A bill heard by the Legislature’s Executive Board Feb. 2 proposed a special task force that would research the public health implications of alcohol sales on the Whiteclay community.
The unincorporated village of Whiteclay, NE is home to four liquor stores despite having a population of only 11 people. Although alcohol is banned on the Pine Ridge Reservation, a large number of tribal members travel the two miles across the South Dakota border to patronize Whiteclay’s liquor stores.
High rates of alcoholism, fetal alcohol syndrome and poverty among members of Pine Ridge have combined to create a public health emergency, said Lincoln Sen. Patty Pansing Brooks.
She introduced LB407 to examine the impact of alcohol sales in Whiteclay and its surrounding communities and make recommendations to the Legislature on how to solve the economic and social issues facing the area.
Pansing Brooks said the four stores in Whiteclay sell 3.5 million cans of high-alcohol malt liquor annually. Inaction by the state is affecting people of all ages, she said, adding that 25 percent of all babies born on the reservation suffer from fetal alcohol syndrome.
“Both our actions and inactions in Nebraska are having devastating effects on the people of Pine Ridge, where there is an alcoholism rate of almost 80 percent,” she said. “[LB407] is an effort to compassionately deal with the people affected by the predatory sale of alcohol near Whiteclay.”
The task force’s executive committee would include five voting members: the chairpersons of the State-Tribal Relations and Health and Human Services Committees, an at-large member from the University of Nebraska Medical Center (UNMC) and two at-large members appointed by the Executive Board.
Additional non-voting, ex officio members also would include the chief executive officer of the state Department of Health and Human Services, executive director of the Nebraska Commission on Indian Affairs, executive director of the state Department of Economic Development, a public health expert and a UNMC data analysis expert.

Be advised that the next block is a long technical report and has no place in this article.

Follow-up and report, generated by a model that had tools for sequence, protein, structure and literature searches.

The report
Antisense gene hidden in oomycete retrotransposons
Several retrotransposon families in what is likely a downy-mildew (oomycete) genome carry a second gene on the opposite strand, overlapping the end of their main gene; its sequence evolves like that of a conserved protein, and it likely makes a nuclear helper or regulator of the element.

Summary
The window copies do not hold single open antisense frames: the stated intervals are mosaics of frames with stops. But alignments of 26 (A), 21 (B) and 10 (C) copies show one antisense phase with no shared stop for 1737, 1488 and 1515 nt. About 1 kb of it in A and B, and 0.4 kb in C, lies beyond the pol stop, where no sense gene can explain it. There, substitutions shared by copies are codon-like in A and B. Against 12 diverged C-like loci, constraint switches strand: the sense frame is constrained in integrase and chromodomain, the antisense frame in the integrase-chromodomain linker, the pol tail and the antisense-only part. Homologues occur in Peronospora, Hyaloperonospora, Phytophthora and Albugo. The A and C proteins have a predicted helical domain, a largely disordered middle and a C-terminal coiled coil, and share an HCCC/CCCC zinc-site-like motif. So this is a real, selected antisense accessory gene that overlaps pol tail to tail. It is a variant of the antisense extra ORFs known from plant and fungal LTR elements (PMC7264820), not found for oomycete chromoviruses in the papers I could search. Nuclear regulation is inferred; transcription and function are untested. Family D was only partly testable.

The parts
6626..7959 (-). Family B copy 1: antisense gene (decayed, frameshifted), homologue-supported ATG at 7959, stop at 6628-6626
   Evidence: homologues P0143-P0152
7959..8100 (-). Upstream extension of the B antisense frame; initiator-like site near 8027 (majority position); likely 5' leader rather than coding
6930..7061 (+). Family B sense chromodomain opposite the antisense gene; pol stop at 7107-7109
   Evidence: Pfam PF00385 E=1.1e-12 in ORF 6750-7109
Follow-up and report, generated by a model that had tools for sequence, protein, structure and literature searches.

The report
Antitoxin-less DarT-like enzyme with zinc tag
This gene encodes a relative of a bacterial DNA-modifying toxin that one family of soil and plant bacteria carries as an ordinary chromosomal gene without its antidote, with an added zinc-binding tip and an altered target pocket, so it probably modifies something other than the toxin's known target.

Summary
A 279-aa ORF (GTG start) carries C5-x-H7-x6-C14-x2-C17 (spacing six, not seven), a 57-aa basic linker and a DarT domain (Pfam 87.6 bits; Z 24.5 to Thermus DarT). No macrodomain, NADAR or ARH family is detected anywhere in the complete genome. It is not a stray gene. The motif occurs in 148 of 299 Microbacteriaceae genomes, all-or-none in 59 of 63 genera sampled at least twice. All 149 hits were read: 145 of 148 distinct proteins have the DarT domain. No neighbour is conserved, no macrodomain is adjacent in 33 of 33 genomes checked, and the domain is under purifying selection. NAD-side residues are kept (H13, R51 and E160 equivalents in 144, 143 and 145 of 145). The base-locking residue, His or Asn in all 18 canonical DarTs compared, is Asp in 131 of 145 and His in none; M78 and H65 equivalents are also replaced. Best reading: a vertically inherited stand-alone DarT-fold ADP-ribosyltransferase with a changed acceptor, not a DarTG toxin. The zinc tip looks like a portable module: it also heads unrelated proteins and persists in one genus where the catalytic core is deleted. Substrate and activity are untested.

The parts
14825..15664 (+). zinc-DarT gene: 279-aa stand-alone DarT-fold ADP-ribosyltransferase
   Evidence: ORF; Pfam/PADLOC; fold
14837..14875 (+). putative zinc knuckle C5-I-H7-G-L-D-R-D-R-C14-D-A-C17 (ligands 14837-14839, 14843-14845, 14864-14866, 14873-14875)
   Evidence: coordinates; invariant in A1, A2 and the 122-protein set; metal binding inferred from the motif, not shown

Members of the task force would collect, examine and analyze data on fetal alcohol syndrome rates, access to treatment services and the risk of alcoholism for children raised in the area.
Judi gaiashkibos, executive director of the Nebraska Commission on Indian Affairs, testified in support of the bill. She said alcohol-related problems have plagued Pine Ridge members for 100 years.
“This won’t repair the historic damage and stop the fetal alcohol babies being born in the future” she said. “[However,] LB407 has a broader vision of making positive changes for those impacted at Whiteclay.”
Fernando Wilson, an Omaha public health researcher, also supported the bill. He said feasible solutions are needed to address the public health emergency in Whiteclay.
“I believe that the establishment of this task force will help identify specific, high-impact solutions and identify policies, programs and interventions that will address the long-standing issues that comprise this problem,” Wilson said.
The task force would publish three annual reports containing recommendations for future legislative action, incorporating input from medical experts, nonprofit organizations, faith-based institutions and local and tribal governments. The report would be due no later than Dec. 15 each year beginning this year. The task force would be disbanded after the publication of its final report in 2019.
No one testified in opposition to the bill and the committee took no immediate action on it.